The Secretary of State for Justice and Lord Chancellor (Mr. Jack Straw): Formal inter-party talks based on Sir Haydens recommendations ended on 30 October 2007 without agreement. However, Sir Haydens reports have made an important contribution to debates and discussions ever since, in the House and outside. The Political Parties and Elections Bill, as amended in this place, received broad support, and is now proceeding in the other place.
Danny Alexander: How can the British people have confidence in our political system when, despite many of Sir Haydens recommendations, the wealthy can still buy influence in our politics with massive donations, and parties can still spend without limit at local level to buy votes? Will the Secretary of State, even at this late stage, amend his Bill in the other place to take account of Sir Haydens recommendations and ensure that the big money is taken out of politicsor is this another issue on which the Government have thrown away their moral compass?
Mr. Straw: The hon. Gentleman had to keep consulting his notes in order to read that question outand it did not have much force behind it. The answer is this: I believe that, on the issue of party funding above all else, it is extremely important for us not to proceed without a broad consensus between the parties. Otherwise we would end up with the position that obtains in Canada, where so-called great reforms in party fundingincluding state fundinghave become partisan tools in the hands of the Government of the day. We have one of the cleanest systems of party funding and party operation in the world, as the recent Electoral Commission report made clear.
Dr. Alan Whitehead (Southampton, Test) (Lab): Does my right hon. Friend accept that the proposals on party funding now being dealt with in another place are of necessity short-term arrangements? Does he intend to pursue, in particular, the issue of whole-term party funding limits in the immediate future?
Mr. Straw: I do not think that those proposals are short-term, but inevitably, they are not completely comprehensive. Labour Members are attracted to the idea of comprehensive funding limits that would continue throughout a Parliament, and I hope we can persuade the other parties in favour of that course as well.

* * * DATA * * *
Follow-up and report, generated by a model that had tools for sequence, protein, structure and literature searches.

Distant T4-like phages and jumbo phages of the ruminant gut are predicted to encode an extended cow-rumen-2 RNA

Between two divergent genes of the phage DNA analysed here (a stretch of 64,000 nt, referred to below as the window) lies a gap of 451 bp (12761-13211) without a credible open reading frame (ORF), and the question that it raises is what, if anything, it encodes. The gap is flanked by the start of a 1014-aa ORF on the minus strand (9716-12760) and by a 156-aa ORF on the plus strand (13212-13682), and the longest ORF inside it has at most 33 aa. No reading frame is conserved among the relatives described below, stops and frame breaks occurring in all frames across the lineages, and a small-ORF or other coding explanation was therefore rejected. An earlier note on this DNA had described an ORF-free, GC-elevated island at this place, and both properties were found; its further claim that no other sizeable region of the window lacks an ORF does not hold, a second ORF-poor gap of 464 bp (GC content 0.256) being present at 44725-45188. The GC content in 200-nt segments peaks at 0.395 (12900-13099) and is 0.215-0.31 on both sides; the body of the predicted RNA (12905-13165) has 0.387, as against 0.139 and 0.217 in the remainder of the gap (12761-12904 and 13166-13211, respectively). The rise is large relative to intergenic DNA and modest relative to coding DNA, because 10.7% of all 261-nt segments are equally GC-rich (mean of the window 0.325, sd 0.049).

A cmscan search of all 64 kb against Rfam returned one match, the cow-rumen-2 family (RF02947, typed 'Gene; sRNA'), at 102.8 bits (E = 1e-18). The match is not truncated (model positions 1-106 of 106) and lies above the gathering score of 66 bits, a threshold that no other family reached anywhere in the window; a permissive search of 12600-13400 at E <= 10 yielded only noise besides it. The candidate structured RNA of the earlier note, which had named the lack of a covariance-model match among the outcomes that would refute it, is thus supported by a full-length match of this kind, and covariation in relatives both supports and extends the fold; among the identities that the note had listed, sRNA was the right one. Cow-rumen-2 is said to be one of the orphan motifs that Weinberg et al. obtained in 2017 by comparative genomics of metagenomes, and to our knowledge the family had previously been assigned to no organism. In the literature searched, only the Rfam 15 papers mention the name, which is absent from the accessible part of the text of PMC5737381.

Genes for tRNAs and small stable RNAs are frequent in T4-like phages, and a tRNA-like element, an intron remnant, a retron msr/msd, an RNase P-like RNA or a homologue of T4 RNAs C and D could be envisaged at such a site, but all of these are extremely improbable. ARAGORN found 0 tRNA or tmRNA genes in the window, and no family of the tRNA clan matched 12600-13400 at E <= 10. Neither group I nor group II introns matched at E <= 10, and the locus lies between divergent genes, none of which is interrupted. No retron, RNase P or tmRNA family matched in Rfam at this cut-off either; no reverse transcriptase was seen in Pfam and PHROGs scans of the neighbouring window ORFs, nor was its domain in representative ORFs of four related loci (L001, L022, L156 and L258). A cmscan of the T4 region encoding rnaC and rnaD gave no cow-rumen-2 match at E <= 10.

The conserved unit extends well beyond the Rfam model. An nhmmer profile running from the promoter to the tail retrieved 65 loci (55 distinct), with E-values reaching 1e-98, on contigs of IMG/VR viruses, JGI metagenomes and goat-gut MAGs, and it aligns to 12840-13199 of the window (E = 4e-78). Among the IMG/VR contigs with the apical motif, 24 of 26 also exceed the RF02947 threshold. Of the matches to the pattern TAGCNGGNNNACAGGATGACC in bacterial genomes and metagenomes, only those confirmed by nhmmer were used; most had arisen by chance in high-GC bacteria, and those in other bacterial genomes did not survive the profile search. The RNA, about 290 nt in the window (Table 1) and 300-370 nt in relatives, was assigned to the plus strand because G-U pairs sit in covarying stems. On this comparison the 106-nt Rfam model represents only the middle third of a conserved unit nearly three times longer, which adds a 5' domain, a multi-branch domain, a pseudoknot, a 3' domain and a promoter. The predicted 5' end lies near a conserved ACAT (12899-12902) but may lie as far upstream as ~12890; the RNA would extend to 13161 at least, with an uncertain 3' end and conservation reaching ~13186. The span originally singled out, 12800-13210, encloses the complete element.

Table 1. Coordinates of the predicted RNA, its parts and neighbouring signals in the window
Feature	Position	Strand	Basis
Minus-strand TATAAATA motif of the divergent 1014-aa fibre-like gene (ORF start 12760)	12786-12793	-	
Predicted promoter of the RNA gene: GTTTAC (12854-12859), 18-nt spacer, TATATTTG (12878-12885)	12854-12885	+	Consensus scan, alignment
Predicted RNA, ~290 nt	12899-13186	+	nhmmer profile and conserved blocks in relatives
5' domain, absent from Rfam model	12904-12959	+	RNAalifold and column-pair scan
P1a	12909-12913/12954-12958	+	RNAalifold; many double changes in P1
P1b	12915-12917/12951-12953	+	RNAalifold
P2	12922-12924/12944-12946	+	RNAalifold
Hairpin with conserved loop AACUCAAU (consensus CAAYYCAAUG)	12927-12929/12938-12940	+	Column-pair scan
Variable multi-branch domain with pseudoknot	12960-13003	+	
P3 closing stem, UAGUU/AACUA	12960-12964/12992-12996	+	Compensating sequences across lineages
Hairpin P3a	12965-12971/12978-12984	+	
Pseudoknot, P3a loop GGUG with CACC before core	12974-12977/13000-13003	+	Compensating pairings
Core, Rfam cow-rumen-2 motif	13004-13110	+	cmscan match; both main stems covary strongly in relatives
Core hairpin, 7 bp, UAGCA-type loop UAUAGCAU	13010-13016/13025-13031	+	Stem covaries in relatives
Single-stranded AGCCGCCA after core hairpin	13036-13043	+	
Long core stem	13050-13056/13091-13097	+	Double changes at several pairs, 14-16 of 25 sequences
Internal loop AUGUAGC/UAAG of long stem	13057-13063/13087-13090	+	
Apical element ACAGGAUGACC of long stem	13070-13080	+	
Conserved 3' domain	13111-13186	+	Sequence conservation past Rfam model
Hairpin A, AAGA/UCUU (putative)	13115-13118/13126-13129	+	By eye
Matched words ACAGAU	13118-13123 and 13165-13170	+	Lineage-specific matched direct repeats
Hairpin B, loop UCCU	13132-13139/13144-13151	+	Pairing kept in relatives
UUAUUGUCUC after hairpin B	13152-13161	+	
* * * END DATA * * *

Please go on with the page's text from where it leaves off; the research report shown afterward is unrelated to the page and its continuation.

Bob Spink (Castle Point) (Ind): Although the Secretary of State was right to say that this country is relatively clean in comparison with others, he must still acknowledge that there are excesses and abuses in the system. Will he urge all political parties to stop funding candidates massively before the calling of an election, which is what the Conservative party is continuing to do?
Mr. Straw: All parties seek to operate within the limits set by the law. At some stages, the Labour party funded candidates well when it was in opposition. That is now a matter for the Conservative party. Although the hon. Gentleman is in a small minority in the House in terms of the party that he represents, let me say to him that we have enough problems in terms of the reputation of party politics, without turning the issue of party funding into another partisan political football.
Miss Julie Kirkbride (Bromsgrove) (Con): Does the Secretary of State agree that there is a huge conundrum when it comes to party political funding? The public want democracy, but it is expensive. They do not want to pay for it with their own taxes, and they do not want other people to pay for it with their hard-earned cash.